PRINCETON, Ill. - Commuting past the barren winter fields in northern Illinois, Cathie Chapman worries about the future.
More than a year ago, she lost her job at a nearby rural hospital after it closed and, as Republicans work to dismantle the Affordable Care Act, wonders whether she'll soon be out of work again.
"Many of my friends did not find jobs they love," she said. "They're working for less money or only part time. Some haven't found any jobs yet, even after a year."
Now she runs the pharmacy at Perry Memorial Hospital here, warily watching the Republicans' repeal efforts.
"I think everybody who works in health care now feels a little uneasy," said Chapman. "We don't know what's coming around the corner, and how it will affect us. But we know that change is happening so fast, it is exhausting and difficult to keep up with."
Rural hospitals have long struggled to stay open. They have far fewer patients and thin profit margins. Dozens have closed across the country in recent years, mostly in states that didn't expand Medicaid.
But in Illinois, which did extend Medicaid to nearly all poor adults, patients at Perry Memorial have gained coverage under the Affordable Care Act and many hospitals have found firmer footing.
If large numbers of people lose their insurance under the Republicans' replacement, the hospital's finances - and those of its patients - would be at risk, especially after the hospital invested so much money and time in complying with the health law, said chief executive Annette Schnabel.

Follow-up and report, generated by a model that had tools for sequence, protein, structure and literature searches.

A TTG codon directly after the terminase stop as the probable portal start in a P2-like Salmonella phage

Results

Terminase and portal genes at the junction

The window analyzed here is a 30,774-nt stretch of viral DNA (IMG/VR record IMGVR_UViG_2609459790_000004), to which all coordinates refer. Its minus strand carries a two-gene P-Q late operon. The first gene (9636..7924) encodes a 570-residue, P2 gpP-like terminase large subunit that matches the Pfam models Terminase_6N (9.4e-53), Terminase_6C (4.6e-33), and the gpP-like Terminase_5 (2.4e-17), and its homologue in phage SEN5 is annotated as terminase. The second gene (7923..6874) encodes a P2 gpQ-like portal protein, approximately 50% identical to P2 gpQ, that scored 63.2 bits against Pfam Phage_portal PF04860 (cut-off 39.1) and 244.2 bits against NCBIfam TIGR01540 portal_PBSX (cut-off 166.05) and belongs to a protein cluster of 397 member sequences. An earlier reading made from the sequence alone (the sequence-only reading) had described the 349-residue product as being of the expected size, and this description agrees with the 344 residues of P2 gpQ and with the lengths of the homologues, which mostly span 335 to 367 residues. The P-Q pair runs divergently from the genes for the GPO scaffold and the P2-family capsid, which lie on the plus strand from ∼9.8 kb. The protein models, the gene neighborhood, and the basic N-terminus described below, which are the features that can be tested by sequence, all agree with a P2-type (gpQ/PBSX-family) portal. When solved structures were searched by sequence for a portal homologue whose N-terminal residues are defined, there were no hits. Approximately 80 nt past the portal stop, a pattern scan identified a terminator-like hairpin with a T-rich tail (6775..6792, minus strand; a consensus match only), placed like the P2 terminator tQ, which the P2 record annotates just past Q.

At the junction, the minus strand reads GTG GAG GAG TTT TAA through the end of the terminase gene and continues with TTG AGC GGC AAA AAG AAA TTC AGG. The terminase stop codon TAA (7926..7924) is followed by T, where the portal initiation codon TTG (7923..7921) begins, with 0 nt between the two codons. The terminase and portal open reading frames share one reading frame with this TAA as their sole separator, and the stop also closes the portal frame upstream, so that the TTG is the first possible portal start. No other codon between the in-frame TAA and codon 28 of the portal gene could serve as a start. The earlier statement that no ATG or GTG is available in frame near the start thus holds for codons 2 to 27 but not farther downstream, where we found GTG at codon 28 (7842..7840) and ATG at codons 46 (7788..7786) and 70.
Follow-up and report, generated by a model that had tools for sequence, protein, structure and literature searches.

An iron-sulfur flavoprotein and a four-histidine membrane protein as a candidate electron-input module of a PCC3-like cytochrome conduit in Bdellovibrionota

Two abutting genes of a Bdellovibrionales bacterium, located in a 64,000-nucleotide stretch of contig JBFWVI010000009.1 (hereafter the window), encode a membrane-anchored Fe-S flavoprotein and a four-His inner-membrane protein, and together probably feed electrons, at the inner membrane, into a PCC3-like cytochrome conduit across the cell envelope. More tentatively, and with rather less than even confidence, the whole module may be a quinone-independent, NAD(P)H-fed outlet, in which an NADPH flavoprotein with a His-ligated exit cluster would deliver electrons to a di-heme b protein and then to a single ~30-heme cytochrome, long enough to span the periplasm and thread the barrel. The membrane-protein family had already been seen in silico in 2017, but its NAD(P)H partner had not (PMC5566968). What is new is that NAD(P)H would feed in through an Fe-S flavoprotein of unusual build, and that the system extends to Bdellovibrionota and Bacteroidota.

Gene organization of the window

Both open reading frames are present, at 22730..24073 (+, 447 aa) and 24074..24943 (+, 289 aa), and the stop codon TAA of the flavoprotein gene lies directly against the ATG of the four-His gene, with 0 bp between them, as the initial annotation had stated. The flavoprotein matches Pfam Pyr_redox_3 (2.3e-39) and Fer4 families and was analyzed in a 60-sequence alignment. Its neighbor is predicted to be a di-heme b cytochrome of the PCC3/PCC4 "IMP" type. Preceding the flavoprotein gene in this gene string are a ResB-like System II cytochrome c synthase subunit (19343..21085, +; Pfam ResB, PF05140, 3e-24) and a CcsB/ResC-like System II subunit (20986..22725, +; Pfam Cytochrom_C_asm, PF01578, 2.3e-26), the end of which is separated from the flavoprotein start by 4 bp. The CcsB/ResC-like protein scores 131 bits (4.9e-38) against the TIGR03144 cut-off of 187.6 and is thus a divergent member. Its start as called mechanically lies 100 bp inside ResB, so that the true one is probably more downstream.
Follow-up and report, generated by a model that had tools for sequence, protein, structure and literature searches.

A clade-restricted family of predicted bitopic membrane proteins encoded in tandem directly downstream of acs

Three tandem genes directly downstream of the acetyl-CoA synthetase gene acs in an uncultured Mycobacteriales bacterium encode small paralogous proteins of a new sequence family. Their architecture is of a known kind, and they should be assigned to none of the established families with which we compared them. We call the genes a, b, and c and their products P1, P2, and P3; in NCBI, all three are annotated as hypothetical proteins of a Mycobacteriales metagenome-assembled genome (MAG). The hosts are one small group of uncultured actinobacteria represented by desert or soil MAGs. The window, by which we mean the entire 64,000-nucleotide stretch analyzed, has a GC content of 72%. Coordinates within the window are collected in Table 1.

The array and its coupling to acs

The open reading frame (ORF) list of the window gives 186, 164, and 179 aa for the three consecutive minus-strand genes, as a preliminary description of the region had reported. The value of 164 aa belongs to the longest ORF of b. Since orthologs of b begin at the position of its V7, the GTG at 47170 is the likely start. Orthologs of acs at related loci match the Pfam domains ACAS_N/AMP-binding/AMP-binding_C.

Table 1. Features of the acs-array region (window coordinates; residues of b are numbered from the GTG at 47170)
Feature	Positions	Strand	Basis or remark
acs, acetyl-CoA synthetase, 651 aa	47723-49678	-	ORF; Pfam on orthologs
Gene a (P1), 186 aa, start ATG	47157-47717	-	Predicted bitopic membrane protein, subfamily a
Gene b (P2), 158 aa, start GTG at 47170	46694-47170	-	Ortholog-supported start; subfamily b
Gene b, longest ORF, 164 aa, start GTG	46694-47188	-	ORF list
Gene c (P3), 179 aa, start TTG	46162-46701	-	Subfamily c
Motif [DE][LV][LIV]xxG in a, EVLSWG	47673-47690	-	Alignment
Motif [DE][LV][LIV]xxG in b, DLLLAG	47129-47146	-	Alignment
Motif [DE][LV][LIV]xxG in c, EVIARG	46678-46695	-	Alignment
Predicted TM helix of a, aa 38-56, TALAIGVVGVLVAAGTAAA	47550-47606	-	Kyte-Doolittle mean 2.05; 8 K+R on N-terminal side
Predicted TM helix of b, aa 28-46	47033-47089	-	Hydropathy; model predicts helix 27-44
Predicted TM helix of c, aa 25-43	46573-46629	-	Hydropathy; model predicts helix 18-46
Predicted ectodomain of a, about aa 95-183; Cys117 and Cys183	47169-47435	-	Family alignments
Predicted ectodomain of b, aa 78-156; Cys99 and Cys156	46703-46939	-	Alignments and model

"We have spent the last six years gearing up towards everything that we were responsible for doing in the ACA," Schnabel said. If the hospital has to "totally go a different direction, how will we do that? It's going to take a lot of work."
And for some hospitals to survive or break even, it would require Congress to restore billions of dollars in funding that kept hospitals afloat before the 2010 law took effect.
Hospitals across the country made a high-stakes trade when they signed on to the Affordable Care Act. They agreed to massive cuts in federal aid that defrayed the cost of caring for the uninsured. In exchange, they would gain tens of millions of newly insured customers. Now that deal is in jeopardy, and many hospital executives anxiously await whatever comes next.
In Chicago, John H. Stroger Jr. Hospital of Cook County is among the nation's busiest hospitals, handling most of the city's gunshot victims. The vast majority of its patients used to be uninsured, and the county-run hospital struggled to take care of their medical and mental health needs.
Those patients now have Medicaid coverage because of the Affordable Care Act, and the Cook County hospital system gained $200 million in new revenue to cover their services, breaking even for the first time.
"We have no interest in slipping back in what we've been able to do," said Dr. John Jay Shannon, chief executive of the Cook County Health and Hospitals System. "We're not able to do the kind of work that we do today with good will alone. Our staff are not a volunteer staff. We can't get IV fluids and medical equipment on credit and a wink and a nod."
Two hospital trade groups - the American Hospital Association and the Federation of American Hospitals - have warned of "an unprecedented public health crisis" if the law gets hastily scuttled.
They say if Congress repeals the law entirely and 20 million people are kicked off their insurance, hospitals will lose $166 billion in Medicaid payments alone in the next decade.
And hospitals face much steeper losses if certain Medicare cuts that were part of the law aren't restored.